John Amis is an Associate Professor at the University of Memphis, where he holds joint appointments in the Department of Health & Sport Sciences and the Department of Management. Amiss current research interests are predominantly centered on organizational change and the identification, utilization and management of intangible resources. His work has appeared in journals such as Academy of Management Journal, Journal of Applied Behavioral Science, Journal of Sport Management, European Marketing Journal, European Sport Management Quarterly and Leisure Studies. He has recently published a co-edited collection (with Bettina Cornwell), titled Global Sport Sponsorship (Oxford: Berg, 2005).
David L. Andrews is an Associate Professor in the Department of Kinesiology at the University of Maryland at College Park. He is assistant editor ofthe Journal of Sport and Social Issues, and an editorial board member of the Sociology of Sport Journal. He has published on a variety of topics related to the critical analysis of sport as an aspect of contemporary commercial culture.
Jennifer Chapman is an Assistant Professor in the Department of Theater at Albion College. Her research interests include issues of gender and sexuality in theater and drama education, especially in relation to high-school drama curricula.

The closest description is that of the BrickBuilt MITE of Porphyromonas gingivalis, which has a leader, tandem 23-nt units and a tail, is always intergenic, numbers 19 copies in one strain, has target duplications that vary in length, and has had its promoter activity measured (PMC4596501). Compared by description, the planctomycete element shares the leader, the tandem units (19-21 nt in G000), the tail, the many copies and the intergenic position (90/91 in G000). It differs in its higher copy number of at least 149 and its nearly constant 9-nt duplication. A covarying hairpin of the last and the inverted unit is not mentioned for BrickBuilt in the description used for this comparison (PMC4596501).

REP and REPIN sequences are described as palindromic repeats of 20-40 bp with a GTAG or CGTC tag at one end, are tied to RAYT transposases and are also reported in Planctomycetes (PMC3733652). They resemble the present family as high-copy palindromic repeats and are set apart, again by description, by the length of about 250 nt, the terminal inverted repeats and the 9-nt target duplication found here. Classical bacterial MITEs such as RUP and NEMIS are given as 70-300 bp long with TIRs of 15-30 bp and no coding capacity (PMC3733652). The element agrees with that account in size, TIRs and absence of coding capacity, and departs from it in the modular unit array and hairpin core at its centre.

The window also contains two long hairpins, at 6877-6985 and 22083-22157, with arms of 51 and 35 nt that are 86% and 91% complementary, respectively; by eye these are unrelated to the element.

Jim Denison is a lecturer in Coach Education and Sports Development at the University of Bath, UK. His first book, Moving Writing: Crafiing Movement in Sport Research (Peter Lang), is a co-edited scholarly monograph outlining various ethnographic writing practices in sports studies. He has also published Bannister and Beyond: The Mystique of the Four-Minute Mile (Breakaway Books), a collection of in-depth interviews with a wide array of sub-four-minute milers; and The Greatest (Breakaway Books), the authorized biography of the Ethiopian long-distance running legend, Haile Gebrselassie. Denison is also the editor of The Coach, a bi-monthly magazine for track and field coaches. He is currently at work on a number of autoethnographic projects related to athletes' and coaches' experiences.
Samantha King is an Assistant Professor in the School of Physical and Health Education at Queen's University. Her research explores how individuals and populations are governed, within the realms of sport and health, through what are often described as “neoliberal” rationalities of thought and practice. As part